The Colts' plan was always to get their starters – on offense and defense – an appropriate amount of work in Saturday night's preseason finale against the Tampa Bay Buccaneers. Maybe it'd be over the course of the first half, or maybe head coach Frank Reich would feel like his team hit that point sooner.
It turned out it was sooner.
After 13 snaps, Reich got quarterback Matt Ryan, wide receiver Michael Pittman Jr., wide receiver Parris Campbell, left tackle Matt Pryor, left guard Quenton Nelson, center Danny Pinter, right tackle Braden Smith and tight end Mo Alie-Cox out of the game, which the Colts went on to win, 27-10. Rookie wide receiver Alec Pierce played eight snaps, none after the first-team offense traded helmets for baseball caps.
The Colts got in the work they needed as an offense, then got out of the game with an eye on the season opener Sept. 11 – in just two short weeks – against the Houston Texans at NRG Stadium.
"I feel like when we look back on the preseason from OTAs to training camp to the preseason games," Reich said, "I feel like we've accomplished, checked the boxes that we want to check, got some confidence going into the season."
Reich has made the analogy of the Colts' offseason being like updating versions of software – it started at 1.0 when the offseason program began way back in April and has been working toward 2.0, 3.0, 4.0, etc. for the last four and a half months. Saturday night, then, was one final opportunity to beta test the product before launching it in a couple weeks.
For Ryan, those 13 snaps provided an opportunity to continue to hone the operation of the Colts' offense, from hearing Reich's playcall in his helmet to disseminating it to his teammates while getting everyone lined up quickly.
And, too, there's a different intensity for a quarterback when not wearing a red "don't even think about coming close to hitting this guy" jersey.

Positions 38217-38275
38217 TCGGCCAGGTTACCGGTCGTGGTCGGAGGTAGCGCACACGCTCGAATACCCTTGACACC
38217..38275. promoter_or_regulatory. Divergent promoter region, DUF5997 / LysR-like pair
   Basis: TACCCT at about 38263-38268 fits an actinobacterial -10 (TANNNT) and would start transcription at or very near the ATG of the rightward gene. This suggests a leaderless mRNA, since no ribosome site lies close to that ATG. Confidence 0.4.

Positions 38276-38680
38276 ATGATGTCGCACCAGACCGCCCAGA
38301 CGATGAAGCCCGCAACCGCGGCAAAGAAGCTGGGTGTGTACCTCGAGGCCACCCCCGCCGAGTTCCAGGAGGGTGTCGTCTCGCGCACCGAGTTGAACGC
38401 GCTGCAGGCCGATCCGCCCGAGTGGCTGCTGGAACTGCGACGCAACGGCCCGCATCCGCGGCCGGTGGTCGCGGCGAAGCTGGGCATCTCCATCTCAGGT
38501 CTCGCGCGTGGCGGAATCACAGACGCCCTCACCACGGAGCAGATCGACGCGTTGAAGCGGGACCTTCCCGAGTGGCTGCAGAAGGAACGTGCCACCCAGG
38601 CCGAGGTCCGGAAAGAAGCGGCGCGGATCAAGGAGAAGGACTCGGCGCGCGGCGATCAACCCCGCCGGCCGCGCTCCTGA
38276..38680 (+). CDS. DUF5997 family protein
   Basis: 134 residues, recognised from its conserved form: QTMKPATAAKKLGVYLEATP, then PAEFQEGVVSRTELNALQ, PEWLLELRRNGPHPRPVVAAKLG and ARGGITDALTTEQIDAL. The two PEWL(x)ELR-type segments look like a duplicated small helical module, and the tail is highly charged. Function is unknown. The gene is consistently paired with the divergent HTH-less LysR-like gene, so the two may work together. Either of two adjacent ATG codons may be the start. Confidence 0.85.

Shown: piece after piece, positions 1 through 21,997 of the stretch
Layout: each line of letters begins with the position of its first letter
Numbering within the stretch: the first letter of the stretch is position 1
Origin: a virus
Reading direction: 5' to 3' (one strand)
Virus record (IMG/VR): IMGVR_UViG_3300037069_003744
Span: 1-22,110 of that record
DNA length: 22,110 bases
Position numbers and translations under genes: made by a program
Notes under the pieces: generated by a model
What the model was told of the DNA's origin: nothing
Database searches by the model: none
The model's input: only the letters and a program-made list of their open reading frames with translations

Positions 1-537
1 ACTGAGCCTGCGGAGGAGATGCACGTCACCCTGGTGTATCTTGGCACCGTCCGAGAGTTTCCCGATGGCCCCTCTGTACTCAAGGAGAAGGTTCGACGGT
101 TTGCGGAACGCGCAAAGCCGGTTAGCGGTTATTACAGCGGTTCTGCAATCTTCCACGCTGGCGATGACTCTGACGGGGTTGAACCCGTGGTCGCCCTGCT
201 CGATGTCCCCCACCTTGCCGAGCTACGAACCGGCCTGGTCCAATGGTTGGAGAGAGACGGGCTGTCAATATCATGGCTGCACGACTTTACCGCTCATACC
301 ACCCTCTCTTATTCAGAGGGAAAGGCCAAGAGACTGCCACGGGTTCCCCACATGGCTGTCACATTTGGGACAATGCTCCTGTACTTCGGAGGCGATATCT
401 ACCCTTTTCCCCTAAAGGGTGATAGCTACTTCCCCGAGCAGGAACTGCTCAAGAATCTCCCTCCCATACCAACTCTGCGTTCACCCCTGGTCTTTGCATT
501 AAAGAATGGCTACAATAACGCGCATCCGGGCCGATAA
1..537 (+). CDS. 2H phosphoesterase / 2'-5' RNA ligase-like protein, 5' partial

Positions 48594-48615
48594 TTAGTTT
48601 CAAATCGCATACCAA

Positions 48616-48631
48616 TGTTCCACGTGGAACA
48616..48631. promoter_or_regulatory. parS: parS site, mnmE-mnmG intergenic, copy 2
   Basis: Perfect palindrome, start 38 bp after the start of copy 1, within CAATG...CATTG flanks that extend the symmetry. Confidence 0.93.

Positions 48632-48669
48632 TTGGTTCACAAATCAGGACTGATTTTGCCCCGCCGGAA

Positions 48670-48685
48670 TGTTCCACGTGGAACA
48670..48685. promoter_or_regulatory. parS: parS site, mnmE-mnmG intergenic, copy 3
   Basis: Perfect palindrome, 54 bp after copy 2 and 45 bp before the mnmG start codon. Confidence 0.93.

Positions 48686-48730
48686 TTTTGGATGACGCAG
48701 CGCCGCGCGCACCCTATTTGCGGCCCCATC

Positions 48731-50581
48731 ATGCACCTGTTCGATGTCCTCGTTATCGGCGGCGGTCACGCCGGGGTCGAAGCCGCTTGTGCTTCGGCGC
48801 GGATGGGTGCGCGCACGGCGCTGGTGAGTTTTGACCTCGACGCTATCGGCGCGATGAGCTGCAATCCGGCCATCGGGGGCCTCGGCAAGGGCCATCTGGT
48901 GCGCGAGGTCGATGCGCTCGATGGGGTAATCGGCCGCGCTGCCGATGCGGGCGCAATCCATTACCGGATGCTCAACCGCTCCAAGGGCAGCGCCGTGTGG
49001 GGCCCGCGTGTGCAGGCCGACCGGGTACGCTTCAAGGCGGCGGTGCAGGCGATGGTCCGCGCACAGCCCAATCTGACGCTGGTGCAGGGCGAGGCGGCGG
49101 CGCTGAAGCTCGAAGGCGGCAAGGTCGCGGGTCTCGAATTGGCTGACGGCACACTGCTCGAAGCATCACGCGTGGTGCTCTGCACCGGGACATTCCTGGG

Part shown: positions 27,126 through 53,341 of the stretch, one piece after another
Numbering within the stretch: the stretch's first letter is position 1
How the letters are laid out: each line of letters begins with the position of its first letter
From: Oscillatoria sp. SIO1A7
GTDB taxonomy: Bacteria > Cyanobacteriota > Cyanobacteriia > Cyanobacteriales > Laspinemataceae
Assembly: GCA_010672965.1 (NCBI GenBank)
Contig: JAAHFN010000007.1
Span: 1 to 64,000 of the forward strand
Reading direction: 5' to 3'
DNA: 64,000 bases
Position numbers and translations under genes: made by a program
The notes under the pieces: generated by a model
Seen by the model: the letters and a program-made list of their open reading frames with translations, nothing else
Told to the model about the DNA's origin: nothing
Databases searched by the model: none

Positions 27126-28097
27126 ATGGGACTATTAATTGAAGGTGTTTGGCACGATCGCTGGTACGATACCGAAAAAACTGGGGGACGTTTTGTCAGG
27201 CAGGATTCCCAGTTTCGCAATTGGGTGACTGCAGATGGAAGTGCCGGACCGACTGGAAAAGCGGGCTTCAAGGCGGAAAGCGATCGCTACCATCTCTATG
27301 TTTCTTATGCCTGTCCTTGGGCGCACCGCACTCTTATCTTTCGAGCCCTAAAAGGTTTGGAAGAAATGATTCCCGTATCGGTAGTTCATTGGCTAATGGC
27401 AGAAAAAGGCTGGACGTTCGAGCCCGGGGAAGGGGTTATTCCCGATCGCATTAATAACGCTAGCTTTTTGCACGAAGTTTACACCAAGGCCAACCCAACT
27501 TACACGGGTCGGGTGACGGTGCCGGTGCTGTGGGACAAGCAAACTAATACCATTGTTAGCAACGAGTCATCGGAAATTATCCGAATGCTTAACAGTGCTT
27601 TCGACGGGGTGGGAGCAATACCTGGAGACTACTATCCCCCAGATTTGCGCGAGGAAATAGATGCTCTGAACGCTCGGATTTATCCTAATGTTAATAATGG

"Being out there, there's noise, there's moving parts and you kind of have Frank calling plays in your ear, to me that's the stuff that I find value out of this time of the year and then also feeling the pass rush around you," Ryan said. "I think from a quarterback standpoint, the work we get in practice is great but you can't replicate being hit and them actually getting on you.
"And no matter how long you played, settling yourself down into that is important. Oddly enough I think getting hit once or twice tonight was probably a good thing."
Ryan was sacked once – Buccaneers linebacker Lavonte David hit home on a blitz – which Reich wasn't thrilled with, but Ryan did feel was beneficial in a sense. He completed five of seven passes 59 yards and picked up 11 yards on a scramble; on a five-play, 48-yard touchdown drive, Ryan completed a 26-yard screen pass to running back Deon Jackson, then found Pittman on consecutive plays for four and 17 yards to set up a one-yard plunge by Jackson for a score.
"That kind of felt like what we do," Reich said. "Screen, play-action, run the ball."
Ryan ended the preseason having played 33 snaps over two games. He completed 11 of 17 passes for 117 yards, but don't worry too much about the results – the Colts held back a lot of their core concepts (and core players, like running back Jonathan Taylor and, Saturday, running back Nyheim Hines).
Smoothing out the operation of the offense was important in August, and Ryan and his teammates felt positively about the work they put in to get the operation ready to go for Week 1. And so as the Colts officially leave the preseason behind next week, they'll do so feeling good about what they accomplished over the last few days, weeks and months.
"The time you're on the field, particularly — new play caller, new quarterback, new guy calling it, different pieces in the huddle — I think it's important to get that time on the field from an operation standpoint," Ryan said. "And for me, I feel good about where we're at and the operation that we had in the two times we were able to do it in Buffalo and here tonight. I think that's going to help me moving forward."